Celebrating self-expression as a basic human right essential for the

healthy growth of youth, individuals and communities

COMMUNITY ARTS ADVOCATES, INC.

Stephen H. Baird, Founder and Executive Director

PO Box 300112, Jamaica Plain, MA 02130-0030

Telephone: 617-522-3407

Email: info@communityartsadvocates.org

Web site: http://www.communityartsadvocates.org  

New Orleans Artists and Musicians Relief Fund!

Introduction and Services

Links, Festivals and References

Artists Directory

Photo-Journalism Project

Performance Locations Africa, Asia, Australia, Europe, and the Americas

Historical References

Books and References

Fine Arts Paintings, Photographs and Films

Legal Court Citations

Model Regulations

Sidewalk Democracy: Regulation of Public Space

The Malling of America: The Selling of America's Public Parks and Streets

India's Street and Transit Music

Avenues of Self Expression

Code of Ethics

Amplification Ethics

Subway Transit Artists

Women Street Performers and Sexual Safety

Email List

Stephen Baird's Home Page


Introduction and Services

Links, Festivals and References

Artists Directory

Photo-Journalism Project

Performance Locations Africa, Asia, Australia, Europe, and the Americas

Historical References

Books and References

Fine Arts Paintings, Photographs and Films

Legal Court Citations

Model Regulations

Sidewalk Democracy: Regulation of Public Space

The Malling of America: The Selling of America's Public Parks and Streets

India's Street and Transit Music

Avenues of Self Expression

Code of Ethics

Amplification Ethics

Subway Transit Artists

Women Street Performers and Sexual Safety

Email List

Stephen Baird's Home Pag

(Detailed site index at bottom of page)


www.TheBuskingProject.com

Tracking a Path Across the Globe to Interview, Photograph,

Film, and Discover the Life and Motivations of the World’s Street Artists!



http://www.buskingthesystem.com

“Busking the System” follows the real-life journeys of three talented young singer/songwriter guitarists who come from around the U.S. to pursue their passion as “buskers” – or street performers – in the bustling New York City subway system. Film by Connecticut director/producer Justin Michael Morales, Coolhand Pictures http://www.coolhandpictures.com.


New York City Curtails Street Performers and Street Artists in City Parks 2010-2011

Arrest and legal actions of Chris Drew for selling art on streets of Chicago December 2009. ACLU challenges Illinois eavesdropping act - Lawsuit cites cases of people charged with breaking the law for making audio recordings of police in action August 2010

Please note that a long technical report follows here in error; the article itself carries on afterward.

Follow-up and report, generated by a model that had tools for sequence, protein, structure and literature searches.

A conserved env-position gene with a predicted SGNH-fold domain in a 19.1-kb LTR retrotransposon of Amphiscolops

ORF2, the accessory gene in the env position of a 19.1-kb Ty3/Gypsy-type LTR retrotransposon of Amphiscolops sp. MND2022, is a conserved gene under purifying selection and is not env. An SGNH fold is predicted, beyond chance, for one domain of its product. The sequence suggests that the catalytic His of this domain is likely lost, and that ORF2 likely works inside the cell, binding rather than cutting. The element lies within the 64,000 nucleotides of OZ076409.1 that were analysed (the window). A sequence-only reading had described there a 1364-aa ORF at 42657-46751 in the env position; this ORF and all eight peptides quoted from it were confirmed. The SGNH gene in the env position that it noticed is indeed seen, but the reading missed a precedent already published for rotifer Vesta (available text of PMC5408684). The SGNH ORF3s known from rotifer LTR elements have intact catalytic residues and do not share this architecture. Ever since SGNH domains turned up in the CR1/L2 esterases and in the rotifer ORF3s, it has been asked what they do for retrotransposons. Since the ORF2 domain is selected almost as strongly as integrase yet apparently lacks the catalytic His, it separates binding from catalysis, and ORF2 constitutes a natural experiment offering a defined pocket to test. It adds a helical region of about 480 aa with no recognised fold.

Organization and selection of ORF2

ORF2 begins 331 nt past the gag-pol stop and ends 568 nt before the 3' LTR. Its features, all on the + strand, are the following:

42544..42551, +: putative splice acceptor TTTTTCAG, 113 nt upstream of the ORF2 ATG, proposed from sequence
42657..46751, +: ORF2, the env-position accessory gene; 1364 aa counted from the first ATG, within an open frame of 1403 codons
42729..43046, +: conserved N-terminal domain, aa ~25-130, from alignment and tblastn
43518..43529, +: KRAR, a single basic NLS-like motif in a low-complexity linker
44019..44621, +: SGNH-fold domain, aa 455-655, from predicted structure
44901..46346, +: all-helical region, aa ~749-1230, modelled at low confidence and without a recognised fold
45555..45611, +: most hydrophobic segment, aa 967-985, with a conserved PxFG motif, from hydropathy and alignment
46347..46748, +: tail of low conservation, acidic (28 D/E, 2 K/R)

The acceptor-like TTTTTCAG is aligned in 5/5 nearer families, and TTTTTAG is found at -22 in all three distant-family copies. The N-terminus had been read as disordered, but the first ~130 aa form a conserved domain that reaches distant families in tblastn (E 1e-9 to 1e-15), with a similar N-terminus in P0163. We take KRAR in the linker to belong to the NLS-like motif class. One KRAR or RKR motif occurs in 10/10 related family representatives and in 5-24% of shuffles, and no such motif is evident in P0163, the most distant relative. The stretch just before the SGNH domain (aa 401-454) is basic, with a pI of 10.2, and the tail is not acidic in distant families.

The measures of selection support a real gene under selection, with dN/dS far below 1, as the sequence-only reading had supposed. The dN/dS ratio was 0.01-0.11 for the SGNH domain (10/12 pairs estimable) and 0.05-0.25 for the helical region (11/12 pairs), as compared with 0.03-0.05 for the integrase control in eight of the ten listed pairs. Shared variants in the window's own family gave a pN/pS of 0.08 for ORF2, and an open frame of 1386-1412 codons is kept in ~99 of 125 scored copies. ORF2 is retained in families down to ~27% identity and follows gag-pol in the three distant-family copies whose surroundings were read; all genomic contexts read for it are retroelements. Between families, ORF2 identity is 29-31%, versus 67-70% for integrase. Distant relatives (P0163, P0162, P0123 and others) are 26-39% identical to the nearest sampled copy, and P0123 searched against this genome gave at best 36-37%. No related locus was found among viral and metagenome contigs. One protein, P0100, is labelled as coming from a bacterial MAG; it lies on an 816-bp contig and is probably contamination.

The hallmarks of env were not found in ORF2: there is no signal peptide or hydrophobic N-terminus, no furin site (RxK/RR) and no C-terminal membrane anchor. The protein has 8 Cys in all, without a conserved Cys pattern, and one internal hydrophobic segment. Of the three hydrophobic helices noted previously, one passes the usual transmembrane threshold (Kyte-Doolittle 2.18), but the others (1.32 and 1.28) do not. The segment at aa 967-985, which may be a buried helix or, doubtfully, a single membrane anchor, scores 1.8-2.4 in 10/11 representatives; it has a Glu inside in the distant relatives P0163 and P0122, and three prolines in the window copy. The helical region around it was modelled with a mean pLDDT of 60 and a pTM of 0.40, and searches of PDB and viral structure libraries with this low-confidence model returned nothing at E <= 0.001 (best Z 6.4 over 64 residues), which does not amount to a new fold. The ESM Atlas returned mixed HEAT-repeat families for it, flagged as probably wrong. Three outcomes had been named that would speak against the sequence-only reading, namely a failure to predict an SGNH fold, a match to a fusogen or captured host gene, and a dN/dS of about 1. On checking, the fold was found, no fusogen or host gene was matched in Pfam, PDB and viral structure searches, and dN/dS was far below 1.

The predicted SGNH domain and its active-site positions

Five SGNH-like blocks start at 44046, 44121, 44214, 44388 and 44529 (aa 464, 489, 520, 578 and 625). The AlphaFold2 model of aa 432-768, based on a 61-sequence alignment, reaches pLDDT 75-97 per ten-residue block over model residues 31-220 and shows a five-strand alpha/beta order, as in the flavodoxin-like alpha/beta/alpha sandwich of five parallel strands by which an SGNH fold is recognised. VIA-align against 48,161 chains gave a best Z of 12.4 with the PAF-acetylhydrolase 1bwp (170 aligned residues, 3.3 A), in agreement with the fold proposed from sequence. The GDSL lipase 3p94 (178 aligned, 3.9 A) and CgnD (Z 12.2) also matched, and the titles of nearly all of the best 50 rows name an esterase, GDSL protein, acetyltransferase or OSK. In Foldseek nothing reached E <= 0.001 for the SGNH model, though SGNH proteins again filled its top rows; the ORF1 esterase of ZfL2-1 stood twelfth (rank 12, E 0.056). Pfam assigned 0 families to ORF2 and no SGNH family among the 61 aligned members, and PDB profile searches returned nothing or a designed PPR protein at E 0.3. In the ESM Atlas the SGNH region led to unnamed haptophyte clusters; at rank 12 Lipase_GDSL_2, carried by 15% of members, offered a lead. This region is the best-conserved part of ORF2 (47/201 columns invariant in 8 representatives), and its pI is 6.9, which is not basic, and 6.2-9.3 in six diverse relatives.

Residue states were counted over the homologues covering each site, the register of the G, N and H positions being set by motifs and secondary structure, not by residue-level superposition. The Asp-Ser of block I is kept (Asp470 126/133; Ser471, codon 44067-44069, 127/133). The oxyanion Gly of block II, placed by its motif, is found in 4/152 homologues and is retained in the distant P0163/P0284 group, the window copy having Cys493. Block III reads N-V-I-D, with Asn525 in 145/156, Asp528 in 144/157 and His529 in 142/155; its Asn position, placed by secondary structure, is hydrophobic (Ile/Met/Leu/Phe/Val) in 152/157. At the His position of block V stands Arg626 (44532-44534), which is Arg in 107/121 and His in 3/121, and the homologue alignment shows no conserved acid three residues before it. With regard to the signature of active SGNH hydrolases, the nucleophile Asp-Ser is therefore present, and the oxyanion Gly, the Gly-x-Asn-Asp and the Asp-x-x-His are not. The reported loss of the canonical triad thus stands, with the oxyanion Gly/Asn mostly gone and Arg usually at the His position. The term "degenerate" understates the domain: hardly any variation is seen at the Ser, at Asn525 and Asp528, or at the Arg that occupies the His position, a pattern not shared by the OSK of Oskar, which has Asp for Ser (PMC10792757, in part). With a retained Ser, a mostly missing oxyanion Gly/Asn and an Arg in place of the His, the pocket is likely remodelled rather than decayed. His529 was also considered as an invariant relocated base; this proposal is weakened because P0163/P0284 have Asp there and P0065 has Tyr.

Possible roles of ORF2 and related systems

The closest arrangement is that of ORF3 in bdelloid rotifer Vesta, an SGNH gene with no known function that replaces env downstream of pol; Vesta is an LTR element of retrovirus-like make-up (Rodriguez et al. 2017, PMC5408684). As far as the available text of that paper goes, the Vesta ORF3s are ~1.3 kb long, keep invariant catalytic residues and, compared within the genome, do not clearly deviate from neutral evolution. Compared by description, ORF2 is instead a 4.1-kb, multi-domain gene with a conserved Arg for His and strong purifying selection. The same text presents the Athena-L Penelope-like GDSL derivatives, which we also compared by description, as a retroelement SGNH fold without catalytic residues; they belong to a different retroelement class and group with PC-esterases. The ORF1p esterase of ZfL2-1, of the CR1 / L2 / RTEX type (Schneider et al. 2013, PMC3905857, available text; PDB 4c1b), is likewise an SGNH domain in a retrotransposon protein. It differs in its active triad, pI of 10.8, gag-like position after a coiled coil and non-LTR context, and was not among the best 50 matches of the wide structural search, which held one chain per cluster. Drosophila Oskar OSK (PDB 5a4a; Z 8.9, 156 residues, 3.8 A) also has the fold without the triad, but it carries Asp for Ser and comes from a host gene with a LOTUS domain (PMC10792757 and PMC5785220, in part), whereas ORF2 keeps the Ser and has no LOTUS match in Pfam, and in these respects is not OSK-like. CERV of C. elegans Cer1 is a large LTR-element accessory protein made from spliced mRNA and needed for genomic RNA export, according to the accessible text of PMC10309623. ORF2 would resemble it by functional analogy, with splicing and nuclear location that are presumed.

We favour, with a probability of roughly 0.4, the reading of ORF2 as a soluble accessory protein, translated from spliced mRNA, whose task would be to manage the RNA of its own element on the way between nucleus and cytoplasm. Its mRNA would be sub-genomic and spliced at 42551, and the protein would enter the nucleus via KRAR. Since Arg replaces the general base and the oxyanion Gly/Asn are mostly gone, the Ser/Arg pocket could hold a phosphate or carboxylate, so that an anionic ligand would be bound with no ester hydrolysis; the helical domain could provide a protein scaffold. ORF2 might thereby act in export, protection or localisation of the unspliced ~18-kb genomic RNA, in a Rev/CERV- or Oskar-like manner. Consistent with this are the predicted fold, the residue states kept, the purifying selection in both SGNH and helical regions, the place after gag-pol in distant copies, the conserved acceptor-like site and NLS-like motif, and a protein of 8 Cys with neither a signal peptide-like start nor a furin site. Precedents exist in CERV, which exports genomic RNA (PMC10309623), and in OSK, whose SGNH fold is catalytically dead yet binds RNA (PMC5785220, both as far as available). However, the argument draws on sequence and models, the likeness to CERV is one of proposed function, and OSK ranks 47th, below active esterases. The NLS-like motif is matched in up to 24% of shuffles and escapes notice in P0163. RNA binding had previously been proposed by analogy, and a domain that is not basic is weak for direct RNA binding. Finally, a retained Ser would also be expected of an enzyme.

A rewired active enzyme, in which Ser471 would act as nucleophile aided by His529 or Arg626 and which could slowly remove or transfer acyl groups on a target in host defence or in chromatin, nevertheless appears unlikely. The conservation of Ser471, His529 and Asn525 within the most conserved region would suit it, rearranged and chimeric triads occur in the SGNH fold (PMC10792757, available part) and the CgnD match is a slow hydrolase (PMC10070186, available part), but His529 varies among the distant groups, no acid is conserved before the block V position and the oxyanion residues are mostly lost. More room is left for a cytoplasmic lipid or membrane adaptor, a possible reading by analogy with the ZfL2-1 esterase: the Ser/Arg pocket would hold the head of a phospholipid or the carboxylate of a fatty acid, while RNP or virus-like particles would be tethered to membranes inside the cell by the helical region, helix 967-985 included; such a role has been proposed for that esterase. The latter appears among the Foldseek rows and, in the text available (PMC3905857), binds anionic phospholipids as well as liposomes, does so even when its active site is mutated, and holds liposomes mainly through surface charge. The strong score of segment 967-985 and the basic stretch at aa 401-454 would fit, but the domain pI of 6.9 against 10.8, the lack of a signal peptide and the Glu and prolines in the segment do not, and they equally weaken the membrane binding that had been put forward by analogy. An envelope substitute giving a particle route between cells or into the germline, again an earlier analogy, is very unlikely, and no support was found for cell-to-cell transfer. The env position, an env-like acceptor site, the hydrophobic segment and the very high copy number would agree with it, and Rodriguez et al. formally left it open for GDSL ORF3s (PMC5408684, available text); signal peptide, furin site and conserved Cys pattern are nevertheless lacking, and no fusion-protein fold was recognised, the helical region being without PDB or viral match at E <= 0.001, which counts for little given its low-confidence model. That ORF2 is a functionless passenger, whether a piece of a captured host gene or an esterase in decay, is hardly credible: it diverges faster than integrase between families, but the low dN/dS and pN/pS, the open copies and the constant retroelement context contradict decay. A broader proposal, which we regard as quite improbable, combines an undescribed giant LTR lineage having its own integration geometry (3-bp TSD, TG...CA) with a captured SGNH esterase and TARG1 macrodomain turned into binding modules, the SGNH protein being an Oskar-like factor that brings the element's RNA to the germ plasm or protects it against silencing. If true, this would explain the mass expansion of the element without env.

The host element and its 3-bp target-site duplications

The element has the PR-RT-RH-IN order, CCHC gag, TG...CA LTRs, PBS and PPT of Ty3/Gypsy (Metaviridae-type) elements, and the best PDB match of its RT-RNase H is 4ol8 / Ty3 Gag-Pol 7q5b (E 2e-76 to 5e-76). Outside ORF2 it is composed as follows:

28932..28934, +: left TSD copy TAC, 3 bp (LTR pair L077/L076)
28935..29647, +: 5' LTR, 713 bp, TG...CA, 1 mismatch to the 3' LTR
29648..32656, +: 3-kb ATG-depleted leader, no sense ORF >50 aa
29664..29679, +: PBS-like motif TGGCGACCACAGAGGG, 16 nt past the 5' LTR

Spokane Legal Battle Won January 11, 2010 and November 24, 2008

Ninth Circuit Appeals Federal Court Case won 8-3 Berger vs. Seattle June 24, 2009

Glen Hansard, a former Dublin busker, with singer Marketa Irglova win the 2008 Oscar and Grammy for the best song Falling Slowly

Wilmington, North Carolina, Law and Enforcement Practices Ruled Unconstitutional November 3, 2008

Boston Crack Down on Street Performers and Artists August 2008

MBTA-Radio Threatens Subway Performances Oct 2007

Jakarta, Indonesia bans donations to buskers September 2007

Kansas City Council attempts to ban street performances February 2007

The History and Cultural Impact

of Street Performing in America

by Stephen Baird Stephen Baird 2000-2009

 

The following little historical references are just a glimpse of the depth and breadth of the creative spirit of the human race that blossoms on the street corners, market places, subway platforms and any other place people gather.

 


Kansas City, MO


February 2007

Buskers and street artists battle Kansas City Council to perform in public spaces

Sign the Kansas City Street Artists Petition online at:

http://www.petitiononline.com/KC1stAmd/petition.html


Summary: (NOTE: Some of the article links have expired.  Will update with links to copies of articles ASAP)


Open Public Letter to Kansas City Council and Citizens:

Common Sense and Panhandling

Freedom of Religion does not cease because the plate is passed during services and the minister receives a salary. Freedom of the Press does not cease because the publication has a price on its cover, or paid advertisements or the staff receives a salary. Freedom of Speech does not cease because the radio station, political candidate or individual asks for donations and receive a financial gain.

The US Supreme Court has stated: